Towards the detection of dietary cereal processing through absorbed lipid biomarkers in archaeological pottery

Publication date: May 2018Source:Journal of Archaeological Science, Volume 93
Author(s): Simon Hammann, Lucy J.E. Cramp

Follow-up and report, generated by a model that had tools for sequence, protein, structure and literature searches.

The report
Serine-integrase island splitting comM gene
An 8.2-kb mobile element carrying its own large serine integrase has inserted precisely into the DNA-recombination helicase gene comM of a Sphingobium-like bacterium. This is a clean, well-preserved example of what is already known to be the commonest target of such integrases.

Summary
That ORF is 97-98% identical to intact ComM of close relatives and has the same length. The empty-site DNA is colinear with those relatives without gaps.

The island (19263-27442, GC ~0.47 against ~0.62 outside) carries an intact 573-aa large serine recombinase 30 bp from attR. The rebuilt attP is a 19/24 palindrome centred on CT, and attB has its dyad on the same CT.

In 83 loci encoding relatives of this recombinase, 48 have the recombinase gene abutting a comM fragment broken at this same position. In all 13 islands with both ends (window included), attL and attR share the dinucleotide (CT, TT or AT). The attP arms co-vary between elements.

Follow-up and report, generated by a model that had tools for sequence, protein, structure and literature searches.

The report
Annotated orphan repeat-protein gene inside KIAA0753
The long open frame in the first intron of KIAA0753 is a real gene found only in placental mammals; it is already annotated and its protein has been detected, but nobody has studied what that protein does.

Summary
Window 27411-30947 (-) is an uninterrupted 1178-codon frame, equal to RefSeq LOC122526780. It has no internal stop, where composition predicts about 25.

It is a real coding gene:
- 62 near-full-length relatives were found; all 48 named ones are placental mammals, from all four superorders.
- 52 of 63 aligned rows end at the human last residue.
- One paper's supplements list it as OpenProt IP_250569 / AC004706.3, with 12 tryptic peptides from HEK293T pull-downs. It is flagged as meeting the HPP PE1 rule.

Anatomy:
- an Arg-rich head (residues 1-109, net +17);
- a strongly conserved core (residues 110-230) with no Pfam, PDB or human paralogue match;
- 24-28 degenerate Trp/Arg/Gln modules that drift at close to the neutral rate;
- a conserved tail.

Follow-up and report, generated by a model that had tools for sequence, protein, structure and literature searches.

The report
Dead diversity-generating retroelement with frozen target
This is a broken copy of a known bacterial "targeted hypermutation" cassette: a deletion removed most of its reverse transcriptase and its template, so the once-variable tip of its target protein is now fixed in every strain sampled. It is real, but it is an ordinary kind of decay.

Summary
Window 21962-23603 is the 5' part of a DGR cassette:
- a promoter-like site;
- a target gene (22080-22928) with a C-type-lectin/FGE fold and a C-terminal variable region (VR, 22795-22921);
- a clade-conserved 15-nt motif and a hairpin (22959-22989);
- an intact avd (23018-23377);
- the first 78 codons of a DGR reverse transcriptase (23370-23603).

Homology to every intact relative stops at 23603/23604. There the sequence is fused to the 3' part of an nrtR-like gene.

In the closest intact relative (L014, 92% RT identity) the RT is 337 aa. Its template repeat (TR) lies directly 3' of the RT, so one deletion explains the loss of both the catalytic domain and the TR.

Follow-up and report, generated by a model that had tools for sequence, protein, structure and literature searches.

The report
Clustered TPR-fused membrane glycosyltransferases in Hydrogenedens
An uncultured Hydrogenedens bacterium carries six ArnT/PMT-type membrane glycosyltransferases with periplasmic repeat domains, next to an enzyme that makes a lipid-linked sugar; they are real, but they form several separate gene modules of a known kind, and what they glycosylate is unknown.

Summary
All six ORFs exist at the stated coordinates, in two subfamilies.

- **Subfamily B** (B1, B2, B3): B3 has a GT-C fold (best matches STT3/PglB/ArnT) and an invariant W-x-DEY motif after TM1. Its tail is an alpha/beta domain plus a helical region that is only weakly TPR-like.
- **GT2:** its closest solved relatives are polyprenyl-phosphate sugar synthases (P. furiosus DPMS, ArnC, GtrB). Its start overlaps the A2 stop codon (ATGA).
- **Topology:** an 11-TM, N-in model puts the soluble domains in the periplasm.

The uptake of cereal agriculture in the Neolithic is one of the most important processes in later human prehistory. However, in many parts of Europe, early evidence from pollen or macrofossils is scarce or inconclusive, and there are considerable ambiguities about timing, intensity and the mode of transition to agriculture in these regions.An alternative approach is organic residue analysis, a technique that targets lipids preserved in the walls of unglazed ceramic pots used for storage and processing of foodstuffs. By analysing the molecular and isotopic composition of absorbed lipid residues, many different food items and processing techniques can be detected and distinguished. However, this approach is by-and-large limited to animal-based food sources, and despite their importance, many plant-based food items including cereals are currently not accessible with this approach.For a better understanding of the behaviour of cereal lipids, cooking experiments were conducted and the uptake of cereal-specific compounds such as alkylresorcinols and plant sterols into the ceramic matrix was investigated using a new sensitive method based on GC-Q-ToF-MS. Furthermore, changes in the lipid composition through post-burial degradation was assessed by incubation of potsherds dosed with cereal lipids at 35 °C in compost. The cooking experiments showed that only small quantities of cereal lipids are liberated, but additional lipid sources (meat) can increase the transfer of cereal biomarkers into the ceramic matrix. Anoxic degradation conditions allowed for twentyfold higher levels of alkylresorcinols and twofold higher levels of plant sterols after 20 weeks compared to oxic conditions. Therefore, samples from anoxic burial environments should be targeted and high sensitivity methods are a necessity to detect the trace amounts of cereal-specific biomarkers. To test the applicability of these biomarkers for archaeological pottery, organic residues from ten coarse ware vessels from an anoxic burial context at Vindolanda were analysed. Plant sterols and stanols were detected in three sherds, and two of the sherds also contained traces of alkylresorcinols.